A tribute to the Undisputed ‘Godfather of Soul’
Very few people from the music world can be classed as a true legend but James Joseph Brown happens to be one of them. So you can imagine the shock when the world heard that the undisputed ‘Godfather of Soul’ passed, aged 73. Brown was an extraordinary musician, singer-songwriter, cultural icon and, of course, a world class showman with his dance moves and stage presence. But more importantly, he will be remembered for helping to shape the musical sound of ‘60s Soul, ‘70s Funk, ‘80s Rap and beyond.
Born in South Carolina, USA in 1933, James moved to Georgia after being abandoned by his immediate family. Life was tough, especially as a Black person and, as a youngster, he spent his time picking cotton, dancing for spare change and shoe shining. His later brush with the law landed him in reform school which is where he met Bobby Byrd, a friend who helped shape the rest of his life. James joined Byrd's group, ‘The Gospel Starlighters’ which, eventually became ‘The Famous Flames’ making the successful single, ‘Please Please Please’ in 1956. But James’ claim to fame landed on his lap when he self-financed the ‘Live at the Apollo’ recording in 1963 that propelled his profile into the spotlight.
Since then Brown has had no les than seventeen number one hits in the USA. Classic cuts started from the ‘60s with the soulful signature ‘I Got You (I Feel Good)’ and ‘Papa’s Got A Brand New Bag’ which, picked up a Grammy for ‘Best Rhythm & Blues Recording’. And then there was the one-chord charge of ‘Cold Sweat’ that many people considered to be the first true Funk recording. With the creation of James’ loyal band, the JBs in the ‘70s (with Fred Wesley and Bootsy Collins), the Funk sound was pushed to a new level with ‘Get Up (I Feel Like Being Like A) Sex Machine’ in 1970. Other ‘70s classics include ‘Funky President’ and ‘Get Up Offa That Thing’.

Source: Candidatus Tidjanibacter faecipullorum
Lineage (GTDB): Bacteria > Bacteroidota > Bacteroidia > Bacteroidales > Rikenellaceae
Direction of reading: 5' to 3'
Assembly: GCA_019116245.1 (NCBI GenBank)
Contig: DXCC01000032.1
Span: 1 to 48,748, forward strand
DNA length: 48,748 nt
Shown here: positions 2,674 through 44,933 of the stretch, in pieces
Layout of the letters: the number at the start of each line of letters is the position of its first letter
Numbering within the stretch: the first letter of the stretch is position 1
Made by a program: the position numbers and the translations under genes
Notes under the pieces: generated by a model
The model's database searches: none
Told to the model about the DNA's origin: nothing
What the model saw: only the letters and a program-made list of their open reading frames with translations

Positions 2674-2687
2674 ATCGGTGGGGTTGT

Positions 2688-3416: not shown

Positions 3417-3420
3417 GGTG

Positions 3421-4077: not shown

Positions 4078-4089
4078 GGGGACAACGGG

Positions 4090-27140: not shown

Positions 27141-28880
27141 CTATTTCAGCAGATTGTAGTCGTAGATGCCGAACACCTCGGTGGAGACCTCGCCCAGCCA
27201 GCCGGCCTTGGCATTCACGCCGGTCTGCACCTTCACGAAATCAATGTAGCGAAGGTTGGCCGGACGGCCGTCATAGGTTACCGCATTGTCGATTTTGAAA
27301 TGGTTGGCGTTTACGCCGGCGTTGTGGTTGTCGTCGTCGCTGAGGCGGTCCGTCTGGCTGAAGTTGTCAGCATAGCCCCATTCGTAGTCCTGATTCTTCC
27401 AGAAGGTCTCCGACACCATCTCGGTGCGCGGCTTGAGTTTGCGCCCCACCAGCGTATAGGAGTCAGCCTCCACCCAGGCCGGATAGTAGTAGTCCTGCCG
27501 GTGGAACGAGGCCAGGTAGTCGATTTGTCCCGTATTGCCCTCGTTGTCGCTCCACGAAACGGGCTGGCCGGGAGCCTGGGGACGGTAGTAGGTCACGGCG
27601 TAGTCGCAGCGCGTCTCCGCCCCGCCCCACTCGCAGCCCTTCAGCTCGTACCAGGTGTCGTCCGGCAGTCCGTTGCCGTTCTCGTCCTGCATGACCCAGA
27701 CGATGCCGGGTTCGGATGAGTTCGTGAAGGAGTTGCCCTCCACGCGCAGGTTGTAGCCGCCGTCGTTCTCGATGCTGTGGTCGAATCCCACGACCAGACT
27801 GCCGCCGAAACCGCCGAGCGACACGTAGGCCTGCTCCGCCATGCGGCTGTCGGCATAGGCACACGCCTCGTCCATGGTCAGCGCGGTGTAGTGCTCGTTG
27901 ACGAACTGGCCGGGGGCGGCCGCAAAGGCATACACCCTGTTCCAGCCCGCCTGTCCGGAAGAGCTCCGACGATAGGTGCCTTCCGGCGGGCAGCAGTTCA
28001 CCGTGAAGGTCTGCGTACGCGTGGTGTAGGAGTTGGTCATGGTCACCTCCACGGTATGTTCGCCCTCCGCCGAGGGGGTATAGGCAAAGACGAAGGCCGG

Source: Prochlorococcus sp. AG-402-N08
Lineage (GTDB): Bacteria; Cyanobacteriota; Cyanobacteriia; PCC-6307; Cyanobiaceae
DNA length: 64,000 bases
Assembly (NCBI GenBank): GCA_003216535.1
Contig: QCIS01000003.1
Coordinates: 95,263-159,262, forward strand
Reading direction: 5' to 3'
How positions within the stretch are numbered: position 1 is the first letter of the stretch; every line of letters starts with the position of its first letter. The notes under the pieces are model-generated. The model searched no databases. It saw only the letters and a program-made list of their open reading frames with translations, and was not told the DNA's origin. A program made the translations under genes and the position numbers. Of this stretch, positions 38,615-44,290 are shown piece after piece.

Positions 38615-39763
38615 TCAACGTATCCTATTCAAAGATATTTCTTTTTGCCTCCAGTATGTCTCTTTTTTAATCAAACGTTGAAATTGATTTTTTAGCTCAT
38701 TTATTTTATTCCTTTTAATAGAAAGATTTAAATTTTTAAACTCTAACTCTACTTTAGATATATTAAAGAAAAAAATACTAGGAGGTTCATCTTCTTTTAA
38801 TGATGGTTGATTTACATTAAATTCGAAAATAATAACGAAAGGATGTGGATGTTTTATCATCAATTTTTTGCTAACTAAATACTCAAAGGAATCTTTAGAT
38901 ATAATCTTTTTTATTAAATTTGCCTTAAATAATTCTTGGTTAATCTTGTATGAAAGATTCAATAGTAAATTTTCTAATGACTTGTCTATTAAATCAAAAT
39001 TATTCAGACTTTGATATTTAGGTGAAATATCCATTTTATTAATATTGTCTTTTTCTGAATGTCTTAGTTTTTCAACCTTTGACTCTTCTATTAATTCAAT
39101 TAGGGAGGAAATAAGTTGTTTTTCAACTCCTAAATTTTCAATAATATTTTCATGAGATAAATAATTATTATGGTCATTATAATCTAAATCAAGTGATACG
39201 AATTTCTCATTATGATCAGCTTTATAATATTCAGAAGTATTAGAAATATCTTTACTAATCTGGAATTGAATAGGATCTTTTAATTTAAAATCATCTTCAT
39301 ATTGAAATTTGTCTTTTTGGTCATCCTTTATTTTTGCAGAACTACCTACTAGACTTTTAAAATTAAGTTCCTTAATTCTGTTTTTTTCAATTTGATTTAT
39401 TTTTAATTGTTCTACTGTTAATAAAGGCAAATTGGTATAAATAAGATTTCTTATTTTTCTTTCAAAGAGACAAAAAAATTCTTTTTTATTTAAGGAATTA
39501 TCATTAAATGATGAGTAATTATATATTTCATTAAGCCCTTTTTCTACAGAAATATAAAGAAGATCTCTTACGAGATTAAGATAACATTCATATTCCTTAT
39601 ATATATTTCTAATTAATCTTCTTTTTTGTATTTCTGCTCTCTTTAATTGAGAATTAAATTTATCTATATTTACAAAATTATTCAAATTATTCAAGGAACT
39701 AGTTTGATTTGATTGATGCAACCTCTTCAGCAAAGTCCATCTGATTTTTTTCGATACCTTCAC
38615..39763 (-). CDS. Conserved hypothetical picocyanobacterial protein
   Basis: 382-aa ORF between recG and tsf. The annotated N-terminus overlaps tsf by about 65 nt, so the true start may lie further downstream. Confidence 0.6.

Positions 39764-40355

Rap from the ‘80s also had the ‘James Brown’ input with his drum breaks heavily being sampled by the emerging Hip-hop nation. More notable was his collaboration with Hip-hop innovator Afrika Bambaataa on the single ‘Unity’. The hits continued right up to the present day; his latter years dedicated to extensive touring and the odd film cameo. His appearance in ‘Rocky IV’ in the ‘80s, accompanied with his chart topping soundtrack single ‘Living In America’ and his cameo in ‘Undercover Brother’ (2002) are just two of the many films. Despite all the glitz and glamour as an entertainer, there was a social conscious side to our James. Songs like ‘Say It Loud, I’m Black And I’m Proud’, released shortly after the assassination of Martin Luther King Jnr in 1968, fed into the socio-political movement of Black America. And, in 2002, the single ‘Killing Is Out, School Is In’ made a strong statement to the community at the time.
Brown’s personal life had also been full of drama off the stage but, despite this, he will always be remembered as one of the greatest and most hard-working artists in the game. His legacy continues today through film and TV, not to mention his profound influence on popular music across the globe which has constantly relived the Funk era. There are also the lifetime achievements he had won over the years, his charter member status of the ‘Rock & Roll Hall of Fame’ AND… a street named after him, ‘James Brown Boulevard’ in the States. Such accolades could only be given to a true star which, the late James Brown definitely was and will continue to be!